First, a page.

This work addresses some of these questions by providing with a comprehensive analysis on certain issues regarding the superiority of a copyright versus an open access regime in academic publishing. In particular, we will focus on the international dimension of this intriguing question. Standing on the shoulders of Shavell and others, the consequences of a regime change will be analyzed. A closer look at the international political economy of scientific research will particularly address issues in developing countries, seeking a bridge in the “digital divide” argumentation to involve all nations in science. Finally, a comprehensive analysis of copyright legislation and its alternatives in the light of international IP agreements offers prospects on the future of scientific publishing.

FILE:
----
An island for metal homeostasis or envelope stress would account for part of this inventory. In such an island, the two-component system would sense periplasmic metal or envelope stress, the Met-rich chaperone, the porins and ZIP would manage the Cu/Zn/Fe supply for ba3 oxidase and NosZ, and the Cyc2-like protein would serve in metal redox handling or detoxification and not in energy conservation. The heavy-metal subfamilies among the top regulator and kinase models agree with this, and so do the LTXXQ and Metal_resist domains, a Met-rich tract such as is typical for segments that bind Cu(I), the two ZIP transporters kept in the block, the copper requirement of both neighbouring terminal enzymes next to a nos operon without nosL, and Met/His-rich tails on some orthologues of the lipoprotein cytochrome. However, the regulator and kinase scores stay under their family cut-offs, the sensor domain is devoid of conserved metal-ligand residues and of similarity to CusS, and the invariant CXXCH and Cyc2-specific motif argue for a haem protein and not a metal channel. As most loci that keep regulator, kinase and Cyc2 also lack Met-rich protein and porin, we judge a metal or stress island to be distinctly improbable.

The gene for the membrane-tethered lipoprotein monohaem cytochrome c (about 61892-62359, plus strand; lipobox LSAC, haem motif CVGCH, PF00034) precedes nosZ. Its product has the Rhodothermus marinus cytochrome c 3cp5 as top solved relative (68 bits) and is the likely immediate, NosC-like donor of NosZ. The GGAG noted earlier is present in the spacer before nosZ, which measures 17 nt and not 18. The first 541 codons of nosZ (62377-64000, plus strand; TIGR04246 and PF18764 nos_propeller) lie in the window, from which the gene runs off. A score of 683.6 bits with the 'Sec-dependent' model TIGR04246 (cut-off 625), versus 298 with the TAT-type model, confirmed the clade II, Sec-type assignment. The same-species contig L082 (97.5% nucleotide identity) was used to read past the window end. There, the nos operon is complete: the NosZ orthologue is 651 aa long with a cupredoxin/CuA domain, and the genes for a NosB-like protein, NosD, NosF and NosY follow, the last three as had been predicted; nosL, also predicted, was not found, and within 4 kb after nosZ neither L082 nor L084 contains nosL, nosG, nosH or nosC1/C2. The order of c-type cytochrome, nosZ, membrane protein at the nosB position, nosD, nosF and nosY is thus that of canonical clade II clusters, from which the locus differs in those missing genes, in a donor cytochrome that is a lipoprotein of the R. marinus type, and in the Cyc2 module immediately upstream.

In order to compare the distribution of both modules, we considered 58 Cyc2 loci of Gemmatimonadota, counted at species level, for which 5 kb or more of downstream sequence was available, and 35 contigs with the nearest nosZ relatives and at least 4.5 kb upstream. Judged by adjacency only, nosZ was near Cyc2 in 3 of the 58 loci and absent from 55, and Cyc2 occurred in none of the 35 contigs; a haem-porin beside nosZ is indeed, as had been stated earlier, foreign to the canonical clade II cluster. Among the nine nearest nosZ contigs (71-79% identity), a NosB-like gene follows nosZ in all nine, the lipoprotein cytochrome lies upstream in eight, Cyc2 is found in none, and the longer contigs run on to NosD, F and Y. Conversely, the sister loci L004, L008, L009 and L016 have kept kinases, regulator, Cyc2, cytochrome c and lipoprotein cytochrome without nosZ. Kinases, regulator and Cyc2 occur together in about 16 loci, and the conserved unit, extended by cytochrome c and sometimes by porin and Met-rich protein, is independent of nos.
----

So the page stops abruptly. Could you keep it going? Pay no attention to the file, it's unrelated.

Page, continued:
The remainder of the thesis is organized as follows: Chap. 2 will introduce to some fundamental economics, sketching the line of reasoning in the economics of copyright and the economics of science and revealing implications by comparing both systems. Chapter 3 shall provide an understanding of the characteristics and the market structure in the market for science and academic publishing as well as to the history and evolution of the OA movement. A comprehensive analysis of both regimes is Chap. 4 In this context, we will first focus on the effectiveness of either regime in stimulating research and producing social welfare in a purely global science community. In the following, policy implications and reforms of IP legislation at the international level are being discussed, especially accounting for the perspective of developing countries. Chapter 5 summarizes possible scenarios for the future of academic publishing. We will conclude in Chap. 6, stressing an agenda of seven recommendations to be considered for the future of academic publishing.